27. We do not have clear information about the appellant’s ability to speak English. It has been said she is illiterate, although the judge rejected this. We note the appellant stated in her application form that she speaks Nepalese and English, which would be consistent with her having received some education. We do not give subsection (2) much weight in this case.
28. We have already found the appellant is dependent on the sponsor and it is clear he would continue to support her financially if she came to the United Kingdom. We see no reason why, after a period of adjustment, she might be able to find some unskilled employment in the United Kingdom. Given the policy under which the appellant applied for entry clearance does not contain any requirement for maintenance to be shown, this element should not carry determinative weight in our assessment in any event.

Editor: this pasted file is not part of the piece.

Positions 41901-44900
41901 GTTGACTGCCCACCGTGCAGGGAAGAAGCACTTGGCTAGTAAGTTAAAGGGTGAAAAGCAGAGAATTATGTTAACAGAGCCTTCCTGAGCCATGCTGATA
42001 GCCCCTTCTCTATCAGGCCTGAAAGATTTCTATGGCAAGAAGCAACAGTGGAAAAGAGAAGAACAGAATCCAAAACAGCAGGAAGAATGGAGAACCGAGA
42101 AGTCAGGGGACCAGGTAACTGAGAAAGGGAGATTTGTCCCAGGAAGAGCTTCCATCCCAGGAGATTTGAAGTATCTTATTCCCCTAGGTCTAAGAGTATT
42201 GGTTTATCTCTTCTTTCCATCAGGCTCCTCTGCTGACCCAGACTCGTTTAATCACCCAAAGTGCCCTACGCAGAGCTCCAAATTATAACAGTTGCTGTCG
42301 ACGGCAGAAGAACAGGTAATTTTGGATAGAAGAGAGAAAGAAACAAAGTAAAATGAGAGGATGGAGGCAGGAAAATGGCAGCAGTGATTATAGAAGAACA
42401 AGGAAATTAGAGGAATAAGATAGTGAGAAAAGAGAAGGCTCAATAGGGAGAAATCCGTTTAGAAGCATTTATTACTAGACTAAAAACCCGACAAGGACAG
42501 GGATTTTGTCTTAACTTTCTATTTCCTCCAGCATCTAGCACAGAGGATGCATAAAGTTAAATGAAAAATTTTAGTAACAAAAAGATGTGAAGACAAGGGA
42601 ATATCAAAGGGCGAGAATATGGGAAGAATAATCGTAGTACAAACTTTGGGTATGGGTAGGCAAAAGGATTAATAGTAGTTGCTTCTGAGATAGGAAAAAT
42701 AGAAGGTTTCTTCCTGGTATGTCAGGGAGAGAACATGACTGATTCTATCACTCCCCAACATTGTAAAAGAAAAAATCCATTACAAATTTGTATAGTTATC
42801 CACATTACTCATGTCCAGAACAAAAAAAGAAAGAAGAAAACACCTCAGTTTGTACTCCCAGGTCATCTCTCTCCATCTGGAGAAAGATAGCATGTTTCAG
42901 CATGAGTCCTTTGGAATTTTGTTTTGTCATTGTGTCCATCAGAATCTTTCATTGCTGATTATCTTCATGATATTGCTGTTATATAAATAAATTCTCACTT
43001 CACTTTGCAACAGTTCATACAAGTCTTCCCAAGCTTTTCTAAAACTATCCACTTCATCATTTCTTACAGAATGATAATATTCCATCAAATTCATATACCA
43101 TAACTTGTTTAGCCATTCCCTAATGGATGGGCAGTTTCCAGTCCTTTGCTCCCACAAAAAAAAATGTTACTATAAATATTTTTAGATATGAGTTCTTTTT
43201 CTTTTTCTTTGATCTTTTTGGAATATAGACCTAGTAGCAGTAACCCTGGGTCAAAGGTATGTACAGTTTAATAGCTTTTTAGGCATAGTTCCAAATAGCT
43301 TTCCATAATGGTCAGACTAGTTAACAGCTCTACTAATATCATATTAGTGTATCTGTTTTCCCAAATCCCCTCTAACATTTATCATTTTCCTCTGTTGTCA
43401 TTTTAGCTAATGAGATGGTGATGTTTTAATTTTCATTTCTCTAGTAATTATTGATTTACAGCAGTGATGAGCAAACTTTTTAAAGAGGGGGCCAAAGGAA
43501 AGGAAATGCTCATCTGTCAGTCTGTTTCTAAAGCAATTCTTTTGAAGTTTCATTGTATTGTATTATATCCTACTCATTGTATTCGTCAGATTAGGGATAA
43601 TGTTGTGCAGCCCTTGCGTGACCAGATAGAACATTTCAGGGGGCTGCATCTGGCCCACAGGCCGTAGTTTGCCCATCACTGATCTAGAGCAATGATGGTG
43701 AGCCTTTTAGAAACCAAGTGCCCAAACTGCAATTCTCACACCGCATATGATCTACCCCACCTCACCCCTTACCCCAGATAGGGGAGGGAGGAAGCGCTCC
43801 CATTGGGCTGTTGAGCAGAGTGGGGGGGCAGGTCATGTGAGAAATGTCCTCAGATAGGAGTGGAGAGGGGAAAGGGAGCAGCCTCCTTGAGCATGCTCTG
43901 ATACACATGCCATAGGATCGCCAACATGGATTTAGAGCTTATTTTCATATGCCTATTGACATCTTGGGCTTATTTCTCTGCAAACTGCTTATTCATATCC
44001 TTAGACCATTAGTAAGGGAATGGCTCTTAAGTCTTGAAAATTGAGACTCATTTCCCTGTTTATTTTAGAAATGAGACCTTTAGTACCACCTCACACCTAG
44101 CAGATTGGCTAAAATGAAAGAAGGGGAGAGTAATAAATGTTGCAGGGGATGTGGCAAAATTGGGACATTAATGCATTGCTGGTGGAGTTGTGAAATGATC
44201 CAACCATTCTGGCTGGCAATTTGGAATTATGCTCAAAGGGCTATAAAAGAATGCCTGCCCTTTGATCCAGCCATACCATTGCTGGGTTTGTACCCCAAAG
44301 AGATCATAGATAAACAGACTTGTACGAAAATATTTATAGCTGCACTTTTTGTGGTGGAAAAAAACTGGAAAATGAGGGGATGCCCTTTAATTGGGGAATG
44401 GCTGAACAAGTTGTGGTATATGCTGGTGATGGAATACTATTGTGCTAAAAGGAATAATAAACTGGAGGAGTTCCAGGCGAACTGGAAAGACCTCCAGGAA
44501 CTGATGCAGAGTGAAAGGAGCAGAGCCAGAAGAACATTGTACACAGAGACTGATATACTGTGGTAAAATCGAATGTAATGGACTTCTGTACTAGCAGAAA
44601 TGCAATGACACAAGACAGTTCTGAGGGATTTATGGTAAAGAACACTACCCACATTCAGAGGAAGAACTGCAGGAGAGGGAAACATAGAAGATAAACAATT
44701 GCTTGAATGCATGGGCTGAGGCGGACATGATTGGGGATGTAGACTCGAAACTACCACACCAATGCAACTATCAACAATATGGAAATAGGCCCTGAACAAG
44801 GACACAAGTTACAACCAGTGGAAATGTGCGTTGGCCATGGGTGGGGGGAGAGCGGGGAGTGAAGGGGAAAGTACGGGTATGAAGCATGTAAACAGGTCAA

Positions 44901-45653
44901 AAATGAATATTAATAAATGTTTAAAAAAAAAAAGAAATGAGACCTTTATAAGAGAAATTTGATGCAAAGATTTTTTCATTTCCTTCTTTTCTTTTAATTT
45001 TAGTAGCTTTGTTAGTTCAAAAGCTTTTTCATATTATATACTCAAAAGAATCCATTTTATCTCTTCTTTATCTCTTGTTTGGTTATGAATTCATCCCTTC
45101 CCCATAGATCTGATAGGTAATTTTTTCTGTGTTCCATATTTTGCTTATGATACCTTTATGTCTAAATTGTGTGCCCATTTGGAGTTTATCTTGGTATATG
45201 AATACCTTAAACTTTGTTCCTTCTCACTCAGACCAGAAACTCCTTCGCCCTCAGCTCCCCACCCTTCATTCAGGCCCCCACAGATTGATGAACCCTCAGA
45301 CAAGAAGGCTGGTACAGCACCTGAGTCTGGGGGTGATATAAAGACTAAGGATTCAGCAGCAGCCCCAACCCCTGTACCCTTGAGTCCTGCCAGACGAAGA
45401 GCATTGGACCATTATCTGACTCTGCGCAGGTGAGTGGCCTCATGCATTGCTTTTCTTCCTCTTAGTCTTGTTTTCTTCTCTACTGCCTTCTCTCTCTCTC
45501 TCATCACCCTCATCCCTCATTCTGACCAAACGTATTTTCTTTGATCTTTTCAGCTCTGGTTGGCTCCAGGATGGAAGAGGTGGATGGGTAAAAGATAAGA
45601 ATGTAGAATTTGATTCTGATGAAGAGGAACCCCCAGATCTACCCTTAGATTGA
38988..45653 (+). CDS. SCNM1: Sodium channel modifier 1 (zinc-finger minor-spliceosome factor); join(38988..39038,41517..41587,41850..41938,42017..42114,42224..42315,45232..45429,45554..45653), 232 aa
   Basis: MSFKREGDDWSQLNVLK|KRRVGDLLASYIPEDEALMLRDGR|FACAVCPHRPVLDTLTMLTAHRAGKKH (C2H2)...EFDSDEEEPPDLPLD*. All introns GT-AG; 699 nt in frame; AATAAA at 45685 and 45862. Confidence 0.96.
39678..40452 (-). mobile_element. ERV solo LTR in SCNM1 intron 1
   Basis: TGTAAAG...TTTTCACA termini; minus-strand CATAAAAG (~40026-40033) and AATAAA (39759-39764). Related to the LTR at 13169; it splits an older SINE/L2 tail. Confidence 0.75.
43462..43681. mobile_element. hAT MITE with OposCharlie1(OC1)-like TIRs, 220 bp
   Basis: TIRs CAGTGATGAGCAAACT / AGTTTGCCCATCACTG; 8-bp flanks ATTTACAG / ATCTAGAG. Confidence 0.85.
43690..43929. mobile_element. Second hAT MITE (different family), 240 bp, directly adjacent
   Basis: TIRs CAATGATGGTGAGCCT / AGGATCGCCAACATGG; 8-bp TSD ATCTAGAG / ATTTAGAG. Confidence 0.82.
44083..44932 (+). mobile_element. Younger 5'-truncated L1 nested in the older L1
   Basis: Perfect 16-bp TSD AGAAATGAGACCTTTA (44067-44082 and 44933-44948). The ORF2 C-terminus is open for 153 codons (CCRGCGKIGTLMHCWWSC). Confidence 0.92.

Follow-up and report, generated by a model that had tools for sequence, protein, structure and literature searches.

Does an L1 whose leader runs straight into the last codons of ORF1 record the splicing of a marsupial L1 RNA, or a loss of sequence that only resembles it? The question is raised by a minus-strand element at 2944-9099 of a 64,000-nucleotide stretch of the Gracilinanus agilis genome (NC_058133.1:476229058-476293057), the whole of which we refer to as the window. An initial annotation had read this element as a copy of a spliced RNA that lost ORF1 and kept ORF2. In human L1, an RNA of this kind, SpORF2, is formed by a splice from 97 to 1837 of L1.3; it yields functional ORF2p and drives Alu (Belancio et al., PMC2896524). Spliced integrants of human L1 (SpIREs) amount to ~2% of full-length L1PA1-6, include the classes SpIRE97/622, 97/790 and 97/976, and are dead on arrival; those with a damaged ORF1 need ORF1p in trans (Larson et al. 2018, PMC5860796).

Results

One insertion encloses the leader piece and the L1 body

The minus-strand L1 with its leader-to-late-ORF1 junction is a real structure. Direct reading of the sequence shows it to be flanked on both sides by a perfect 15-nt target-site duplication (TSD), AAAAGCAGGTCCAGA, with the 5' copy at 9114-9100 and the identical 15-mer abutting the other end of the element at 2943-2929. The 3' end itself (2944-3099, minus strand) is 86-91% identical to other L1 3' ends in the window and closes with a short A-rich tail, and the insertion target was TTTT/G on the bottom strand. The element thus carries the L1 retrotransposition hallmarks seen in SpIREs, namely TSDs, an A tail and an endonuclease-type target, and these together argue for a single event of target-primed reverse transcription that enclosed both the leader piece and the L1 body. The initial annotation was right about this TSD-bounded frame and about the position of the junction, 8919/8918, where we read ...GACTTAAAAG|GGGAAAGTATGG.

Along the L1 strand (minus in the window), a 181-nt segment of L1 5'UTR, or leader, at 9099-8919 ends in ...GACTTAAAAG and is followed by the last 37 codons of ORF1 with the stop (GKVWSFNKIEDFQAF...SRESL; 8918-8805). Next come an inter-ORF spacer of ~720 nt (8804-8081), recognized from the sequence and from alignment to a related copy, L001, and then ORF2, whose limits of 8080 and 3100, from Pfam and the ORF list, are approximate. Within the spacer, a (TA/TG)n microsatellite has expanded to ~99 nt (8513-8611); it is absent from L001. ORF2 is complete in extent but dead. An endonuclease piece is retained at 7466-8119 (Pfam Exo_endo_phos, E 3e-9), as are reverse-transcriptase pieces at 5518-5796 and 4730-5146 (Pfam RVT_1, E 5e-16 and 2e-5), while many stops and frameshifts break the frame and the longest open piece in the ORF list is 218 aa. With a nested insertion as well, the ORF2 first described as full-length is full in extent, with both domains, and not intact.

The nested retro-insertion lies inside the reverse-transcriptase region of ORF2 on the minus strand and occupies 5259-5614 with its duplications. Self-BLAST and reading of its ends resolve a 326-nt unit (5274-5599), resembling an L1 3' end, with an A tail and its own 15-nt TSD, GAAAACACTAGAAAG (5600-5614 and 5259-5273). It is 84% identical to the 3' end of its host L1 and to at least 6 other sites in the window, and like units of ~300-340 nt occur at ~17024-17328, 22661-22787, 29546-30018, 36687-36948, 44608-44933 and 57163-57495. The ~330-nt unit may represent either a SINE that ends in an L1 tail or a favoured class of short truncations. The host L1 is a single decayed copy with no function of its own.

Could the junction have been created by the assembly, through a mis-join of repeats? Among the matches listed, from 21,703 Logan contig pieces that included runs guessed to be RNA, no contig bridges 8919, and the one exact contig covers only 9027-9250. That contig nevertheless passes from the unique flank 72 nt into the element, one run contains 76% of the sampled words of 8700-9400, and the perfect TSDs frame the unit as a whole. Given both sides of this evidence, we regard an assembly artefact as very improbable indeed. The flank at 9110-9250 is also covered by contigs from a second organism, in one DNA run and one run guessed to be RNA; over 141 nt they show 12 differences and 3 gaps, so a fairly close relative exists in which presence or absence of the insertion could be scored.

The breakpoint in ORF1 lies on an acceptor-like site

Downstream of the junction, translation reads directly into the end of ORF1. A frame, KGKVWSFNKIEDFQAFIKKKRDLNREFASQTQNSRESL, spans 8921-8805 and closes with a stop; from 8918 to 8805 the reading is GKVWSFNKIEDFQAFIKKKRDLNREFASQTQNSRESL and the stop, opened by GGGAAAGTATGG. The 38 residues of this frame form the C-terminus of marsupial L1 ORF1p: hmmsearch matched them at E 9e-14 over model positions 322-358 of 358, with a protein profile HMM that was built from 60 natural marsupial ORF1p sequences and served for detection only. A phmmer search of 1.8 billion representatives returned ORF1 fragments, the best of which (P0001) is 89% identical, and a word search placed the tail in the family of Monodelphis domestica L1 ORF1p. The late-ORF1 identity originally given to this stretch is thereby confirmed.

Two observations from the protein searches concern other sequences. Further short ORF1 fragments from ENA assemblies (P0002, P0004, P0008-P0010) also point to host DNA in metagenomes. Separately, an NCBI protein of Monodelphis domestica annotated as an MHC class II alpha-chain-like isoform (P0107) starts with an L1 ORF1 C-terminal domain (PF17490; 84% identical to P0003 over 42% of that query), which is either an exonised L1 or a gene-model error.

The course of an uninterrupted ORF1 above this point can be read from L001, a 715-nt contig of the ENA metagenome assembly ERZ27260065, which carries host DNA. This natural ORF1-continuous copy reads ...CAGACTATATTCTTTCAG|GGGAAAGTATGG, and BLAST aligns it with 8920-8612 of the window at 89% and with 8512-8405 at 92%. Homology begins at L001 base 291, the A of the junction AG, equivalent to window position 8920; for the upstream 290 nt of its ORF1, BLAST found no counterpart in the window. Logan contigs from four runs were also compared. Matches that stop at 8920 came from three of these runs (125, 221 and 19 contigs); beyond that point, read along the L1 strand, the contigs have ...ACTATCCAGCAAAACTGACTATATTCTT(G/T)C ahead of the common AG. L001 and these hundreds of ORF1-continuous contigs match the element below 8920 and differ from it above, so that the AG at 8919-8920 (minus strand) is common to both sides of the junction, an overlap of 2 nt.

29. In Rai the Court of Appeal appeared to agree with the submission that section 117B matters could not make a difference to the outcome (see [56] and [57]). No other matters have been put forward to suggest there are points favouring the respondent’s view of where the balance of interests lies.
30. We find the decision amounts to a disproportionate interference with the appellant’s right to family life and conclude the decision is not in accordance with section 6 of the Human Rights Act 1998. The appeal is therefore allowed.

The Judge of the First-tier Tribunal made a material error of law and her decision dismissing the appeal is set aside. The following decision is substituted:
The appellant’s appeal is allowed on human rights grounds (article 8).
No anonymity direction is made.

Signed Date 31 August 2022

Deputy Upper Tribunal Judge Froom